Cichorium intybus



  • Antibacterial
  • Antidiabetic
  • Wound-healing
  • Anti-inflammatory
  • Antiseptic
  • Analgesic
  • Antioxidant
  • Antispasmodic
  • Antihelmintic
  • Antigout
  • Gastroprotective
  • Kidney-protection
  • Hepatoprotective
Chicory (Cichorium intybus) is an erect, woody perennial herb, that is historically known for its use as a coffee substitute in many countries. Different preparations of chicory are used to treat various symptoms and ailments in traditional medicines. Over 100 individual compounds have been isolated from C. intybus. The roots contain up to 40% inulin, a natural food component used to increase dietary fiber, replace fats or carbohydrates, and acts as a useful prebiotic to stimulate beneficial bacteria in the gastrointestinal (GI) system.
Chicory also contains chicoric acid, which is a major compound in methanolic extracts. Chicoric acid has shown vasorelaxant activity against nor-epinephrine-induced contractions in isolated rat aorta strips. The flowers of chicory contain saccharides, methoxycoumarin cichorine, flavonoids, essential oils, and anthocyanins contributing to the blue color of the perianth. Specific applications studied in poultry include:
  • Liver protection: A study conducted in rats administered extracts of dried chicory demonstrated that it might possess significant protection for the liver.
  • Gut improvement:
    A study conducted on young broiler chickens revealed that adding 60-120 g/kg of chicory forage to their diet was beneficial for the gastrointestinal system.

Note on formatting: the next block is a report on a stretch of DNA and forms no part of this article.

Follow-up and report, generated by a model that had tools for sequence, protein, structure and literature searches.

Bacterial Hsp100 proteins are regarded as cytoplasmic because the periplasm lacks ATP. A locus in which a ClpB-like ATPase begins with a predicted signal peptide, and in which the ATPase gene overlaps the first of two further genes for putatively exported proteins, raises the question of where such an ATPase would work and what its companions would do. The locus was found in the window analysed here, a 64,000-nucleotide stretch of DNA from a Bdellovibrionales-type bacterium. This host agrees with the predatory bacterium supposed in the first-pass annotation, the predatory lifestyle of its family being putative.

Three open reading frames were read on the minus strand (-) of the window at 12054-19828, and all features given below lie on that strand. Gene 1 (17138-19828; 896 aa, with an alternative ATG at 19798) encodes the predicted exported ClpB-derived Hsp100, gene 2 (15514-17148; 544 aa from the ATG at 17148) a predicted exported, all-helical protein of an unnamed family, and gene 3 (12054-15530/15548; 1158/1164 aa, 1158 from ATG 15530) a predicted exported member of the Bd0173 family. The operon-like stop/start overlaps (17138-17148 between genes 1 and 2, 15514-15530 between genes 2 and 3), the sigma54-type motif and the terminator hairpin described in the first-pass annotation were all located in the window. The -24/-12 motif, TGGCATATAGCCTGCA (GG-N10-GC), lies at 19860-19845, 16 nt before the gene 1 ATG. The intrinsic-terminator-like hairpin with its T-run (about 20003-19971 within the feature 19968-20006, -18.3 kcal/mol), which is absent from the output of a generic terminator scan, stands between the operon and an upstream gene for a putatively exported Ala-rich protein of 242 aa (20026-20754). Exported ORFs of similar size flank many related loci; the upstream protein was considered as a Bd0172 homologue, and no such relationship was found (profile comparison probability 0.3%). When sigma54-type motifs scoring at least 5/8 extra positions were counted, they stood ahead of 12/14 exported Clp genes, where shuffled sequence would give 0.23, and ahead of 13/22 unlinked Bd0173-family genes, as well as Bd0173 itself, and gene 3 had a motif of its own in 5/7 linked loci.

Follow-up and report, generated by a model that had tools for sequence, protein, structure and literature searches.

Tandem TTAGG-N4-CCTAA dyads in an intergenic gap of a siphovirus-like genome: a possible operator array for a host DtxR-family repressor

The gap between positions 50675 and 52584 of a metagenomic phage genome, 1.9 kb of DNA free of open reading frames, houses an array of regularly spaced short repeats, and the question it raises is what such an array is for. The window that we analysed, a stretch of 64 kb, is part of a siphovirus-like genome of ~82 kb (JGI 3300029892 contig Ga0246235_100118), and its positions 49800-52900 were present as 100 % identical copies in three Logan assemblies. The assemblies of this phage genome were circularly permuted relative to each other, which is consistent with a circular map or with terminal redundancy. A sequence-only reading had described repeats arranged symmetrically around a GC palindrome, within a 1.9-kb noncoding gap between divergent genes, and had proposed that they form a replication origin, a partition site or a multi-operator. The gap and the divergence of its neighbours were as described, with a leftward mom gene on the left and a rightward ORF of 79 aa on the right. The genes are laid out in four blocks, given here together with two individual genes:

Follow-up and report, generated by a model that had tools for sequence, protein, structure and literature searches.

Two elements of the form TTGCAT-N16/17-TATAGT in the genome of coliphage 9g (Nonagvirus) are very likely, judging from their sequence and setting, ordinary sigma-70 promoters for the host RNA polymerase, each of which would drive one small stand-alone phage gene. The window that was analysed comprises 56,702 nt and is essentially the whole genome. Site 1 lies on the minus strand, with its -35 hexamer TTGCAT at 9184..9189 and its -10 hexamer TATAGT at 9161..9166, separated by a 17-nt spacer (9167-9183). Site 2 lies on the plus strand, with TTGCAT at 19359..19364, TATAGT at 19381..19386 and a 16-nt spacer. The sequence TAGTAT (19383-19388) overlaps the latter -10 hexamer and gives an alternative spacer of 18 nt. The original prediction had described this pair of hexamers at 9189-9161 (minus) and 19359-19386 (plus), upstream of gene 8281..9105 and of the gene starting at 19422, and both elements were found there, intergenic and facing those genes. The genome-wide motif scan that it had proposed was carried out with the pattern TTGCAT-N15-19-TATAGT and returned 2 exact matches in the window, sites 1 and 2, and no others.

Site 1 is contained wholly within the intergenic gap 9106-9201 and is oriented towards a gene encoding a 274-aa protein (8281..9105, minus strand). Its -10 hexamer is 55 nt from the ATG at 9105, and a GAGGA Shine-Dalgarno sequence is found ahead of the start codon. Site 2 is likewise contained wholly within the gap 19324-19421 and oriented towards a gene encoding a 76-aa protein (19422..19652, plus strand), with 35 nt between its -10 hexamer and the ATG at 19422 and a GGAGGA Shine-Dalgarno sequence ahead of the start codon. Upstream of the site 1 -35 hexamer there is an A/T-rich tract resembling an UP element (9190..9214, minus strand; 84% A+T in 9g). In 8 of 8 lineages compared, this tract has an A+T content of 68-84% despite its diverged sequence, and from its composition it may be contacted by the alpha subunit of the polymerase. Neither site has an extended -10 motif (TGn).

• Antimicrobial:
    Different parts of chicory were found to be active against different pathogenic microorganisms.
    • Seed extract: Staphylococcus aureus, Pseudomonas aeruginosa, Escherichia coli, and Candida
    • Root extracts: Bacillus subtilis, S. aureus, Salmonella typhi, Micrococcus luteus, and E. coli
    • Leaf extract: S. typhi

Poultry Specific Studies

TypePlant PartDosageSpecific useResultsRef
Chickensforage and root60-120 g/kg dietfiber-rich feedchicory forage is a potentially useful fiber-rich feed ingredient with high palatability for broiler chickens.H Liu et al., 2011
Broilers1 kg/ton of dietGI healthincreased the duodenal villus height, villus width and villus height to crypt depth ratio and decreased the villus height and crypt depth in both jejenum and ileum. Furthermore, dietary chicory relatively modified the small intestinal electrogenic transport of glucose in broilers.W Awad et al., 2011
Hensfresh forage8% of dietGI healthincreased egg weight, yolk colour, total amino acids and delicious amino acids in muscles, and decreased abdominal fat yield compared to the control. However, increased average daily feed intake, increased feed conversion ratio, increased mortality and decreased eggshell strength were observed in chickens fed chicory forage than in those fed a basal diet. Dietary supplementation of chicory forage stimulated the proliferation of the Lactobacillus in ileum and the Bacteroides in caecum, and depressed pathogenic microbes including the Rikenella, thereby further improved intestinal health and nutrient utilisation.M Zheng et al., 2019
Chickensroot extract500 mg/kg of dietantioxidantcould enhance broiler chicken growth performance, carcass characteristics, liver function, lipid profile, and antioxidant status. These extracts could be utilized as natural feed additives and growth promoters for broiler chickens.H Gazwi et al., 2022
Chickensroot powder1% of dietGI healthWhen combined with probiotic and coriander seed powder, significantly lowered the pH in the gut, increased Lactobacillus counts, and reduced E. coli and Salmonella counts in the ileum.S Gurram et al., 2022